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Trading in fairness

Saroja Coelho
September 16, 2012

The demand for Fairtrade-certified products is growing. Millions of farmers in Africa, Asia, and Latin America benefit, but unstable commodities prices mean it is still risky business.

Fairtrade chocolate (dpa)
Image: picture-alliance/dpa

Julian Müller is buying his weekly shopping at the discount grocery store in Cologne. In his shopping trolley he has coffee, tea, bananas, rice and red wine, all of which have the blue-green Fairtrade logo on them. "The products are more expensive, by one or two euros, but this matters to me," says Müller, who is in his mid-thirties. "I know that my purchase will help to improve the general living conditions of the farmers." Finally, he takes some Fairtrade roses from Kenya and places them in his trolley.

In Germany, more and more consumers like Julian Müller are choosing their groceries according to environmentally and socially sustainable criteria. In 2011, Fairtrade products generated 477 million euros in sales in Germany, 16 percent more than the previous year. "Within the last three years, it was possible to double turnover," Claudia Brück from TransFair Germany said. The organization awards Fairtrade certification on the basis of licensing agreements.

International production standards

"We have advisers on site in sixty countries around the world assisting with the conversion of production. And we have a network of auditors who monitor adherence to the standards," Brück explained in a DW interview. "Attached to this is a guaranteed minimum price for the producers, and bonuses for social and environmental standards, sustainable development, eco-friendly cultivation and no unlawful child labor." The standards are developed by Fairtrade International. Around the world, 1.2 million small farmers and workers benefit from the advantages of fair trading. If their family members are also included, six million people are the beneficiaries of fair trading, according to the German Fair Trade Forum.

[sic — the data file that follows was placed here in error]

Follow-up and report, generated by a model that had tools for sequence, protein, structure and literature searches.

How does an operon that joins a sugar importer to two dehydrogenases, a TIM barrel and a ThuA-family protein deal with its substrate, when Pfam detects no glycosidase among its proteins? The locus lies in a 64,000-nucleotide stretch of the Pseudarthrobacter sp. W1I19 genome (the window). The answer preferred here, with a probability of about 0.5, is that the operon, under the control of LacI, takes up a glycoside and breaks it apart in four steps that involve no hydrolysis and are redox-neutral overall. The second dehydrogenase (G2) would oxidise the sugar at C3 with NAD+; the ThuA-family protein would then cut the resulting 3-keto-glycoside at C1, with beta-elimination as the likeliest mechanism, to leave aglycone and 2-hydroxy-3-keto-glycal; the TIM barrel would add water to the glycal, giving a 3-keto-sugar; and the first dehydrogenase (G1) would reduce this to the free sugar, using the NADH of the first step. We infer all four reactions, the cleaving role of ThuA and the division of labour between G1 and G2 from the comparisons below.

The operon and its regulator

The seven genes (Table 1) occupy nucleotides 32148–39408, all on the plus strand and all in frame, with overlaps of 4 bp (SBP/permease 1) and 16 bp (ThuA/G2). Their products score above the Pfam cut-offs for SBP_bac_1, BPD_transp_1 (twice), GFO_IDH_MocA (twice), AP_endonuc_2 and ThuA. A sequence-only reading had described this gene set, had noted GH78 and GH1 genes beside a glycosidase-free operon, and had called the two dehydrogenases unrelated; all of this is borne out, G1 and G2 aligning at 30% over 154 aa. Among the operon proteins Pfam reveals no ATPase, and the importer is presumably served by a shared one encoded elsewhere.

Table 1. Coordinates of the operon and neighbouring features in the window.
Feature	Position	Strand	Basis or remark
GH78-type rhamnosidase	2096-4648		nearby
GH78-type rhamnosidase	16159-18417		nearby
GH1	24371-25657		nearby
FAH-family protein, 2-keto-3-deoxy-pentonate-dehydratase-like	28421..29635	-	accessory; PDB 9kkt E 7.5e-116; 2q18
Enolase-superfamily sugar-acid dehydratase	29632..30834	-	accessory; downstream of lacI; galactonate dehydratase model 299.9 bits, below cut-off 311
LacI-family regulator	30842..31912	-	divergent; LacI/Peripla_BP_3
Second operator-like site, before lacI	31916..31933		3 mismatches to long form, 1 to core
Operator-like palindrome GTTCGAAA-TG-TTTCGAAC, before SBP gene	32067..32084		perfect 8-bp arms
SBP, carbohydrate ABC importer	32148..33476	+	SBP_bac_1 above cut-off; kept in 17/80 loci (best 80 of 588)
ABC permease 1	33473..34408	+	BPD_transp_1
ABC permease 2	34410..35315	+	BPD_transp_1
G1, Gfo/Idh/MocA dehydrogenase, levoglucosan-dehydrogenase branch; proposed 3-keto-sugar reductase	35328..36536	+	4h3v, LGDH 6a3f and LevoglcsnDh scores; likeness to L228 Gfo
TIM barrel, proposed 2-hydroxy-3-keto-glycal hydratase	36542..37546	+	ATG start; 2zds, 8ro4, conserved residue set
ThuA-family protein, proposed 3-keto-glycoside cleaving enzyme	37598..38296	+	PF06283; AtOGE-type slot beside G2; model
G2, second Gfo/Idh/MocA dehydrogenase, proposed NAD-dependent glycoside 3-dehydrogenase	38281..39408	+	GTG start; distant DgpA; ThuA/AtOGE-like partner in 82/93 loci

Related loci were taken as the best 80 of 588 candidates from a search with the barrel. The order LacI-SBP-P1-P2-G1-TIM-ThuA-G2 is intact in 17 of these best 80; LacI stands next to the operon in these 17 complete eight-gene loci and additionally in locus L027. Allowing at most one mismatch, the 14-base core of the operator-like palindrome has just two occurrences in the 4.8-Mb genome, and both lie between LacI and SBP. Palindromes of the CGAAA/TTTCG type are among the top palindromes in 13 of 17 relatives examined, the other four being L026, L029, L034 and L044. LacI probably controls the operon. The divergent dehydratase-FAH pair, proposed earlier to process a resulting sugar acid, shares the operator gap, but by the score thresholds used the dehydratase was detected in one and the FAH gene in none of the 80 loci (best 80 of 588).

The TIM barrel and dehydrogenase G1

Supermarket trolley on Fairtrade aisle (TransFair)
Fairtrade is now in supermarkets - but potentials remain untappedImage: TransFair e.V.

The price is right

A large proportion of Fairtrade products in Germany are sold by the roughly 800 "One World Stores" offering groceries, textiles and crafts exclusively from developing countries. But conventional stores are also stocking a growing range of Fairtrade goods. However, the criteria used to decide whether to stock sustainable groceries are the same as for all other merchandise, explains Peter Haferkamp, Category Manager at Tengelmann, one of Germany's largest retailers: "We look at the range and consider exactly where we can best position ourselves with Fairtrade products. A product is only added to our range if it will have enough turnover." According to Haferkamp, the highest sales of Fairtrade goods are in items such as chocolate, coffee and tea.

But in a European context, Fairtrade in Germany is in its early days. In Switzerland, almost half the bananas sold are sourced from Fairtrade-certified production, while in Germany the market share is under 1 percent. And only 2 percent of coffee is sourced from Fairtrade producers - in the United Kingdom the market share is ten times higher. "The German market is very focused on price. We spend only 11 percent of our income on groceries. The consumer is fixated with cheap prices," Brück said. "Our model, that we need adequate prices for producers at the beginning of the value chain, is contrary to the dynamic of the grocery trade."

Haferkamp remains realistic in his assessment of the Fairtrade market: "I see opportunities for further development in the future. In the last three years we have had very good growth rates in double digits. But it will always be a niche."

The threat of instability

Significant price fluctuations on the global market at ever shorter intervals are a major concern for Fairtrade organizations. "Bottom prices are always difficult because then the price of the Fairtrade product compared to a conventional product seems very high," Brück said. "But rising prices are likewise problematic for our cooperatives. If the real price rises, the sale of the farmers' products means a higher income. But more commonly it is the stock market commodity price that shoots upwards. Then it is difficult because the money does not reach the producers. The downside of the price rise is that the costs of production increase as well," Brück said. The Fair Trade Forum is therefore advocating tougher regulation of raw material markets to prevent extreme price instability.

Woman at Fairtrade flower farm in Tanzania (TransFair)
Flowers can meet Fairtrade specifications, too - like these in TanzaniaImage: TransFair e.V.

The "Fair Weeks" are taking place in Germany until the end of September. There will be thousands of events all over Germany with topics such as sustainable consumption and fairer production conditions. That should pique the interest of shoppers like Julian Müller. "I will use this opportunity to learn more and maybe to discover some new Fairtrade products," he said.

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